|Scientific Name:||Semnopithecus hector|
|Species Authority:||(Pocock, 1928)|
Semnopithecus entellus (Pocock, 1928) subspecies hector
|Taxonomic Notes:||This taxon was formerly considered a subspecies of Semnopithecus entellus.|
|Red List Category & Criteria:||Near Threatened ver 3.1|
|Assessor(s):||Molur, S. & Chhangani, A.|
|Reviewer(s):||Mittermeier, R.A. & Rylands, A.B. (Primate Red List Authority)|
The species is listed as Near Threatened, as there are probably not many more than 10,000 mature individuals, and it is experiencing a continuing decline. Almost qualifies for listing as threatened under criterion C2a(i).
|Previously published Red List assessments:||
|Range Description:||This species occurs in Bhutan, northern India (Uttaranachal, Uttar Pradesh, and West Bengal), and Nepal. It is found in the Himalayan foothills from Rajaji National Park (Uttaranchal) in the west to near Pankhabari (southwestern Bhutan) in the east, and throughout in between (Brandon-Jones 2004).|
Native:Bhutan; India; Nepal
|Lower elevation limit (metres):||150|
|Upper elevation limit (metres):||1600|
|Range Map:||Click here to open the map viewer and explore range.|
|Population:||The population numbers are not known. It has avery patchy distribution due to human settlements and habitat loss. A continuing decline has been observed in extent, area and quality of habitat, and inferred in locations and mature individuals.|
|Current Population Trend:||Decreasing|
|Habitat and Ecology:||This species is found in a variety of habitats, such as moist deciduous forest of the Siwaliks, to oak forest in higher altitudes (A. Kumar pers. comm.). It ranges from 150 m to 1,600 m in elevation (Molur et al. 2003). It is arboreal, mainly terrestrial, diurnal, folivorous, and occurs in multi-male multi-female groups (Molur et al. 2003). It has been observed feeding in orchards and crop fields outside of Rajaji National Park (A. Chhangani pers. comm.).|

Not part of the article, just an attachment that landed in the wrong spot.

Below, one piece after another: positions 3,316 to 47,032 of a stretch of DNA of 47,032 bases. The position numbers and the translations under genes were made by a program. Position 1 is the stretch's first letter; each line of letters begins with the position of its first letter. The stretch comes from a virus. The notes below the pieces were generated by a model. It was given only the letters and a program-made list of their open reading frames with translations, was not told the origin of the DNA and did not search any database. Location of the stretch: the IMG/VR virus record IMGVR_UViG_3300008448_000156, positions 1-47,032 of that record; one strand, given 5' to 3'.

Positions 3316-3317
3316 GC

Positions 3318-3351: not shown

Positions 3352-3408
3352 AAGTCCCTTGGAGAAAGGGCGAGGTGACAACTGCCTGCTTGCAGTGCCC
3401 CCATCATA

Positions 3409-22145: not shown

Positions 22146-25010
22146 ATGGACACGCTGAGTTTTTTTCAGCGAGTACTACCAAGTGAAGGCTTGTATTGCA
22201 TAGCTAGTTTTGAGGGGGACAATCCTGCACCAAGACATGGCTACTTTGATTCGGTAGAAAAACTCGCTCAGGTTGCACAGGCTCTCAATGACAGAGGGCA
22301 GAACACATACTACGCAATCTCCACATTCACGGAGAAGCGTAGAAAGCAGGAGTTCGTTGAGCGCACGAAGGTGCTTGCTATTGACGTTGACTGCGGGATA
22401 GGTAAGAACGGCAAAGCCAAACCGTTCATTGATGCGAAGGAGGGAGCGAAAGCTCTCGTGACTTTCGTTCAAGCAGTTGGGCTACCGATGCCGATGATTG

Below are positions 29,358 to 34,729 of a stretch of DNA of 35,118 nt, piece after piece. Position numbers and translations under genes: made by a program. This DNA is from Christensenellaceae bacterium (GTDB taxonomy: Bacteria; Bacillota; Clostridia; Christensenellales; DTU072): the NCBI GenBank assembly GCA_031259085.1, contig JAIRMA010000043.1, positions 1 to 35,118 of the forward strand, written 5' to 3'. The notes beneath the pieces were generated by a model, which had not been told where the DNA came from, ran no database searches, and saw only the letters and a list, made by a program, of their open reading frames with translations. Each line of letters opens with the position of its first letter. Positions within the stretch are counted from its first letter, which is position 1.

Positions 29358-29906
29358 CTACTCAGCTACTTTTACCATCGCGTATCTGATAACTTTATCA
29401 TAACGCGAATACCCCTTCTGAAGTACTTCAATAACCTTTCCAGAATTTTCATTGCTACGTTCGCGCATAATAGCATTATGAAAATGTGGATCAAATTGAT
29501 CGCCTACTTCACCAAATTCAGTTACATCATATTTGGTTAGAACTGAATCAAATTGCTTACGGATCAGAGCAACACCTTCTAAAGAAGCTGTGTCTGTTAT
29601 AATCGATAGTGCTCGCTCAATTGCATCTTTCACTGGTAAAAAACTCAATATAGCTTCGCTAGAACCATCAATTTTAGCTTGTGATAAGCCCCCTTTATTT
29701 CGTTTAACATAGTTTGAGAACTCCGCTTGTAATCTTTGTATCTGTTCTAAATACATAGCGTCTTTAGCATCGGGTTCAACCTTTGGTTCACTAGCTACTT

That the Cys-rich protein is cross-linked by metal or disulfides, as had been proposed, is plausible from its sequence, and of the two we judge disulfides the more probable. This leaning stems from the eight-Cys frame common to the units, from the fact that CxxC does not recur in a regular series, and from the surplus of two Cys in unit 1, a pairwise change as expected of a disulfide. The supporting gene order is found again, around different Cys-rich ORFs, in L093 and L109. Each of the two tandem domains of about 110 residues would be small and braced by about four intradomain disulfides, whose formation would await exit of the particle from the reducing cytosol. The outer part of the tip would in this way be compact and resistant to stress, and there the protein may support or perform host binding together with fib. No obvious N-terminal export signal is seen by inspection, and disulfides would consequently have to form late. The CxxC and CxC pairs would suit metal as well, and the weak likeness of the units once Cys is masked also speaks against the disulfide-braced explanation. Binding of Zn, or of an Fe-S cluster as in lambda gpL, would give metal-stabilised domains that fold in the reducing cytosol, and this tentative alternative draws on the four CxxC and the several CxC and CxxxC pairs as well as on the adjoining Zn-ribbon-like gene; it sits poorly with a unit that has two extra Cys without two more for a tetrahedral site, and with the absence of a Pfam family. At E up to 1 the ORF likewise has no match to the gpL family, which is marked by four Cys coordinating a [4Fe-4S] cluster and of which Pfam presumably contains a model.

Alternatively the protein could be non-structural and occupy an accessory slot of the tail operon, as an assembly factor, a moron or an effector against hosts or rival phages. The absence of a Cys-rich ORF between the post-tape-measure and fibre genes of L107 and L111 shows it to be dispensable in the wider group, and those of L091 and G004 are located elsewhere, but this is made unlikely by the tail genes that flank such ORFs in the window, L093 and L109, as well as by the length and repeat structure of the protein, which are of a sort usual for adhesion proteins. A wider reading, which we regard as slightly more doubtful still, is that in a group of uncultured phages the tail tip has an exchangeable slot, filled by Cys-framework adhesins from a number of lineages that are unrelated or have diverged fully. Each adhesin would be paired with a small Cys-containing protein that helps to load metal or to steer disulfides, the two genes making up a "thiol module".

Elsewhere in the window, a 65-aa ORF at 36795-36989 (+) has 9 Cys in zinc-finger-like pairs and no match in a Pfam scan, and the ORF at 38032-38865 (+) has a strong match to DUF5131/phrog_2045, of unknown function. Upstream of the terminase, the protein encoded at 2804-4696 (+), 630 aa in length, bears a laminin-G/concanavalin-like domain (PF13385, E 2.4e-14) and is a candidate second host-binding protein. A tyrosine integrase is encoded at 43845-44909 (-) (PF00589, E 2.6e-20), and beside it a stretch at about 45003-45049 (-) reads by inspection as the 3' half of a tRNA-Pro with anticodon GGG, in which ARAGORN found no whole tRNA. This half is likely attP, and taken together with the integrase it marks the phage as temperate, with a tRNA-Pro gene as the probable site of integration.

|Major Threat(s):||Molur et al. (2003) list the following threats: mining, firewood and charcoal collection and production, timber collection, and land distribution (resettlement) for landless people. Loss of habitat, urbanization, and electrocution by power lines are other threats identified for this species.|
This species is listed on CITES Appendix I, and the Nepal National Park and Wildlife Conservation Act (1973) lists it as a common animal (Molur et al. 2003). Occurrence in protected areas and in captivity are difficult to determine owing to taxonomic uncertainty (M. Richardson pers. comm.), though it is known to occur in Rajaji National Park and Valmiki Sanctuary (A. Chhangani pers. comm.).
Molur et al. (2003) list the following areas in need of research: taxonomy, life history, survey studies, and limiting factor research. The following management actions are needed: habitat management, wild population management, monitoring, and public education.
Brandon-Jones, D. 2004. A taxonomic revision of the langurs and leaf monkeys (primates: Colobinae) of South Asia. Zoos’ Print Journal 19(8): 1552–1594.
Groves, C. P. 2001. Primate taxonomy. Smithsonian Institution Press, Washington, DC, USA.
Johnsingh, A.J.T., Qureshi, Q., Goyal, S.P., Rawat, G.S., Ramesh, K., David, A., Rajapandian, K. and Prasad, S. 2004. Conservation Status of Tiger and Associated Species in the Terai Arc Landscape, India.
Molur, S., Brandon-Jones, D., Dittus, W., Eudey, A., Kumar, A., Singh, M., Feeroz, M. M., Chalise, M., Priya, P. and Walker, S. 2003. Status of South Asian Primates: Conservation Assessment and Managment Plan Report. Workshop Report, 2003. Zoo Outreach Organization/CBSG-South Asia, Coimbatore, India.
|Citation:||Molur, S. & Chhangani, A. 2008. Semnopithecus hector. The IUCN Red List of Threatened Species 2008: e.T39837A10274974. . Downloaded on 26 May 2016.|
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